Look beyond the appealing presentation and it becomes evident that behind the gloss and sophistication of the luxurious collection, there lie the solid foundations of a serious beauty brand. The investment into meticulous scientific research for the development of every product and the on going use of cutting edge, effective, multi-active ingredients are important cornerstones put in place to ensure that Joan Collins Timeless Beauty maintains its promises as it moves forward into the future.

Thursday, October 2, 2014

Joanna Lumley,Bond Girl

She is one of Britain's most famous beauties and a Bond girl to boot but Joanna Lumley says she has no regrets about her looks changing as she ages.
Instead, the 67-year-old has embraced the ageing process and says she doesn't see the point of going under the knife in a bid to remain younger because she is no longer interested in youthful roles.
'I’m really not against [cosmetic surgery] but what’s the point of getting stuff done when I’m looking to play older people like grannies?

'They are not going to cast me as a 35-year-old – there are 35-year-olds to do that.
'You have got to think very carefully what you want done.'
But Lumley admits that she's not entirely immune to vanity and revealed that she's a huge fan of tailored, mannish clothes that suit her broad shoulders.
Speaking to Good Housekeeping, the actress and campaigner said: 'I’m tall with broad shoulders and therefore I like clothes with a bit of a swagger – mannish clothes that you can wear with a lot of feminine, sweet tops.
'I put my own looks together – a favourite coat, a bit of vintage, a bit of high street.'
Asked for her tips on always dressing well, she added: 'Clothes that are too tight make you look bigger.
'If you’ve been trying to shed pounds and it doesn’t go, buy the next size up. I never care what size my clothes are.
'I cut the labels out because they always scratch the back of my neck.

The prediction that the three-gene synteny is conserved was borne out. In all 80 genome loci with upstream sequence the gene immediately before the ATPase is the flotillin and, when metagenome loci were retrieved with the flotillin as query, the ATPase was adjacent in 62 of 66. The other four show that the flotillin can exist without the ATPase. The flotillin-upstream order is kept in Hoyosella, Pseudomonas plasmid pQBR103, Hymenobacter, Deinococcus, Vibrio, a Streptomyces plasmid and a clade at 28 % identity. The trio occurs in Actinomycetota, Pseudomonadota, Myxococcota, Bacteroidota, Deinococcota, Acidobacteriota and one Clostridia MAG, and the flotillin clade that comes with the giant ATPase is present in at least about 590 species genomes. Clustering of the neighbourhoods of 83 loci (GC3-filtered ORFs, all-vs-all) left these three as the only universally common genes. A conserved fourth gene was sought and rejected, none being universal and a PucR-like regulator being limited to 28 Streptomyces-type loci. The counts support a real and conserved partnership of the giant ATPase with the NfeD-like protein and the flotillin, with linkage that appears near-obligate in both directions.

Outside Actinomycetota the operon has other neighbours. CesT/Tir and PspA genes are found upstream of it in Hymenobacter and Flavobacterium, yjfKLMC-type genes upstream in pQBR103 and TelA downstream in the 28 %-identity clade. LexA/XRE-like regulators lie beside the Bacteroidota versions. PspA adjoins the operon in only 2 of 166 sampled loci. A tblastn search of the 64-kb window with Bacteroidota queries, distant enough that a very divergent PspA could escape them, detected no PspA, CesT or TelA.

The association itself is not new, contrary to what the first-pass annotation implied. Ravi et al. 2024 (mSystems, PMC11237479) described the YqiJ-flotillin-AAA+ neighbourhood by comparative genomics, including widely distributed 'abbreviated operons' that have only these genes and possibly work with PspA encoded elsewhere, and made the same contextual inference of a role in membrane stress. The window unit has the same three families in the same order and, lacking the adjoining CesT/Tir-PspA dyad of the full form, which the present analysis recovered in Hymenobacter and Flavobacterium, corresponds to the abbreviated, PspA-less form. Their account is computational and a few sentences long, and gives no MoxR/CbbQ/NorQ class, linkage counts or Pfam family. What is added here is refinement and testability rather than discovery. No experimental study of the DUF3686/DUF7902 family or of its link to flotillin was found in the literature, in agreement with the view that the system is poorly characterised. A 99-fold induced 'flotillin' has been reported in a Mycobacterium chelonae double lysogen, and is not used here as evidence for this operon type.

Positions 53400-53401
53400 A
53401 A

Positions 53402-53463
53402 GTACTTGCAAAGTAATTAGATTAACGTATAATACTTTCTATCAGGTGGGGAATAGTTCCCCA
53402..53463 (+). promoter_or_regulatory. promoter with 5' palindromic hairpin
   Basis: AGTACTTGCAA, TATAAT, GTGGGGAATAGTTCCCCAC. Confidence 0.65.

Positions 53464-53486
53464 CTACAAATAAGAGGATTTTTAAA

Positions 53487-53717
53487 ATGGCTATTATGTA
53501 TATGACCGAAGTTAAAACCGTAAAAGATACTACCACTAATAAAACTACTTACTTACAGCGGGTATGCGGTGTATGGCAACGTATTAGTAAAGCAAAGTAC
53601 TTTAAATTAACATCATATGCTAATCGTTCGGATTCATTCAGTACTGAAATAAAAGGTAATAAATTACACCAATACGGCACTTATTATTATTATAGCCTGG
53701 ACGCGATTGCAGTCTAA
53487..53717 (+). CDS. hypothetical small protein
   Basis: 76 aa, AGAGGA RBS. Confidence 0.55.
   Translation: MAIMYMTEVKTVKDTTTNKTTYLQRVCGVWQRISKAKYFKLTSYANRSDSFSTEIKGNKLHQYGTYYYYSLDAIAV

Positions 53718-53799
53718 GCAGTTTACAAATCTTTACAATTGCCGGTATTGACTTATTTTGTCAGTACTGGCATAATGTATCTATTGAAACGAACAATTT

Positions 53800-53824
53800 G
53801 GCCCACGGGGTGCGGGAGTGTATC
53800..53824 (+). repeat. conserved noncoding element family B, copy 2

'Even my grandest clothes don’t have labels on them. I can’t bear it.'
Although she's happy to splash out on clothes, Lumley says she refuses to do the same for her hair; instead, choosing to cut and colour her blonde mane herself.

 'I cut my hair myself and colour it,' she reveals. 'I know everybody in the hairdressing business despairs of me but it’s so much easier to do it yourself.

'The hairdresser costs a lot of money and is a treat.'
The low-maintenance star even confessed to avoiding exercise, saying her inability to stay still was the secret of her enviably slim figure.
Lumley also spoke of her refusal to diet, saying that although she eats 'like a sensible person', she does have a soft spot for peanuts.

'I eat like a sensible person,' she exclaims.
'I haven’t got a very sweet tooth but I love salted things like nuts.
'I would have to be dragged in by a lorry if I ate as many salted peanuts as I would like to!'
Peanuts by the truckload or not, Lumley says she's content with her life and what she's achieved and says others should, like her, mould themselves into the person they want to be.
'I’ve always believed you only have one go at life, which is thrilling,' she adds. 'Only you can make yourself into who you want to be.
'Don’t blame anybody else. You are entitled to free fresh air and that’s it. Do the rest yourself.'